The Suburb as Frontier

Just back from a trip to France, where this quote in a book on the history of Libé struck me:

Le Tiers-Monde commence en banlieue!

The Third World begins in the suburbs, in other words. This was 1972 or thereabouts, and it was a slogan of the very far Left.

Curiously, the same notion is still with us, but with the opposite end of the political spectrum…or perhaps this metaphor is unhelpful. Spectrum implies variance around a central value, along a single axis. It’s now the far-Right outside France, and its pals in the traditional French Right, who see the third world at the gates of Paris. The French extreme-left doesn’t seem to care very much any more, and the French extreme Right’s position is even stranger.

Back in the day, the growing concrete world of HLMs and sweeping flyovers across the Ile de France was the new frontier for the Communist Party. As the workers moved from the stinking slums of Paris’s railway districts out to enjoy their acquis social, so the Party would go with them. (Hence the towns where you can stage a demo between the rue Stalingrad and the hall Youri-Gagarine.) Moving out to the suburbs was moving towards the future, and if it should be a multicultural one united by class consciousness, so much the better.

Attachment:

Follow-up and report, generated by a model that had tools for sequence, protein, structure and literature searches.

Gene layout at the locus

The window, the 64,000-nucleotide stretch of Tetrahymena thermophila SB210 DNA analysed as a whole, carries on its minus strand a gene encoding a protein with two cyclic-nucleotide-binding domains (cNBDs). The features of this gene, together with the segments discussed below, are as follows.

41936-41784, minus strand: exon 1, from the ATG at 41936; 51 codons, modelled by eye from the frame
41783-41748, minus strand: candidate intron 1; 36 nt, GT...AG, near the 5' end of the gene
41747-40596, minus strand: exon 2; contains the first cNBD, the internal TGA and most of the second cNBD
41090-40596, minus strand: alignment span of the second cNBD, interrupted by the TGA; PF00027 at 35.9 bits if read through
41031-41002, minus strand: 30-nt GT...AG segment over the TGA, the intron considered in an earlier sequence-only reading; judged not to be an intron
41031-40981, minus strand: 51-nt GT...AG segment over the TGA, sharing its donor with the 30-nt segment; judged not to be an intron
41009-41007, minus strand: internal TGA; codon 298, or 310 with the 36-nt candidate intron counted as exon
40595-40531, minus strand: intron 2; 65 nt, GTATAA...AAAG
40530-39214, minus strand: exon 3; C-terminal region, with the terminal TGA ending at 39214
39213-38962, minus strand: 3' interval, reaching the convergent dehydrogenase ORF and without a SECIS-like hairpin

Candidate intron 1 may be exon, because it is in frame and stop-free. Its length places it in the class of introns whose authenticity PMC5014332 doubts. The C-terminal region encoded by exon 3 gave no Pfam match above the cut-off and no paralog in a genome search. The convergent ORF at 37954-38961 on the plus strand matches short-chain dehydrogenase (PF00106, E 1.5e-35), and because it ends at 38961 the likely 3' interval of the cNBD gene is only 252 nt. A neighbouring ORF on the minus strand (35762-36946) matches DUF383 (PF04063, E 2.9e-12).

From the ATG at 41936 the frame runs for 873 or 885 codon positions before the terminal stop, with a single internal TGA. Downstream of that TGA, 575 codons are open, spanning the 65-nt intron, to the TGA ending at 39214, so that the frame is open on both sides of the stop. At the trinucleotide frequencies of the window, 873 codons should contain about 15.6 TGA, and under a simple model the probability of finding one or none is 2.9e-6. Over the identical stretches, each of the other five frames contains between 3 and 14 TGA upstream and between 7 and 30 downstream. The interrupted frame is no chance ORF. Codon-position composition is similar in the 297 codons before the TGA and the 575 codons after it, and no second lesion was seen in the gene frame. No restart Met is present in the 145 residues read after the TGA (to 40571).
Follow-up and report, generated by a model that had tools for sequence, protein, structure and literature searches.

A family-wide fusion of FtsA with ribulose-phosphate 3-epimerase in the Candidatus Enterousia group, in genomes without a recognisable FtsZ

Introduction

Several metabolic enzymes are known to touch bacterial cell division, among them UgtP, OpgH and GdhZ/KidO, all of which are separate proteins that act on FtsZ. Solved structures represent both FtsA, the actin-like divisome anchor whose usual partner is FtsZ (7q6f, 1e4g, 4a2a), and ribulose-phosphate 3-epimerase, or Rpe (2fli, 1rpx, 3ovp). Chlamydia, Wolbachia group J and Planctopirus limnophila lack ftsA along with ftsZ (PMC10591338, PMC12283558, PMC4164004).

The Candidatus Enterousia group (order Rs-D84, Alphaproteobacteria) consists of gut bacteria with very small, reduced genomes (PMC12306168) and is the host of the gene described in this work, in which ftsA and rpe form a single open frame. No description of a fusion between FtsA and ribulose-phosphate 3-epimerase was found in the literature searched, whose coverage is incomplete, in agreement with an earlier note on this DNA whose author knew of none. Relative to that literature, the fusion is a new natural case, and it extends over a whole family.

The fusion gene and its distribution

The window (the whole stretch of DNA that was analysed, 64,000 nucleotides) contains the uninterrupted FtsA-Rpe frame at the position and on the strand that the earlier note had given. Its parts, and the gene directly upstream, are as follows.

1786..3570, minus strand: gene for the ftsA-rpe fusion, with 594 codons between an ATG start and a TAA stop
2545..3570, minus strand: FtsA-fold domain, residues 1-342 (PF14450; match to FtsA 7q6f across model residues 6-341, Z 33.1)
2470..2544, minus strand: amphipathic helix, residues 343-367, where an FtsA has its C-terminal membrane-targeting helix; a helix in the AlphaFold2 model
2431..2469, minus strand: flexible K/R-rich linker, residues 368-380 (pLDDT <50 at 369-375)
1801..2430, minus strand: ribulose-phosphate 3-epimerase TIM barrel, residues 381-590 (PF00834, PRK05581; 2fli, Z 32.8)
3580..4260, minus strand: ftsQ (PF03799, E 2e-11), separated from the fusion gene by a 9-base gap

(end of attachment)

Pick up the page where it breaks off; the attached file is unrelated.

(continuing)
Later, of course, it turned out more than a little tougher. As in most other places, just being a good trade unionist didn’t stop you being a racist. There were the betrayals of 1956 and 1968 and the internal crises that followed. Eventually, the roaring full-employment years came to an end too. But before then, the New Left had already found a new frontier in the suburbs – addressing the new proletariat, and the new concerns, whilst also getting around the Stalinist old farts at PCF headquarters and the ugly sense that a lot of proletarians didn’t agree with you. If you were a Maoist, the idea of surrounding the city from the countryside had an obvious attraction, not to mention the advantages of going to the revolution on the RER rather than the next flight to the Congo.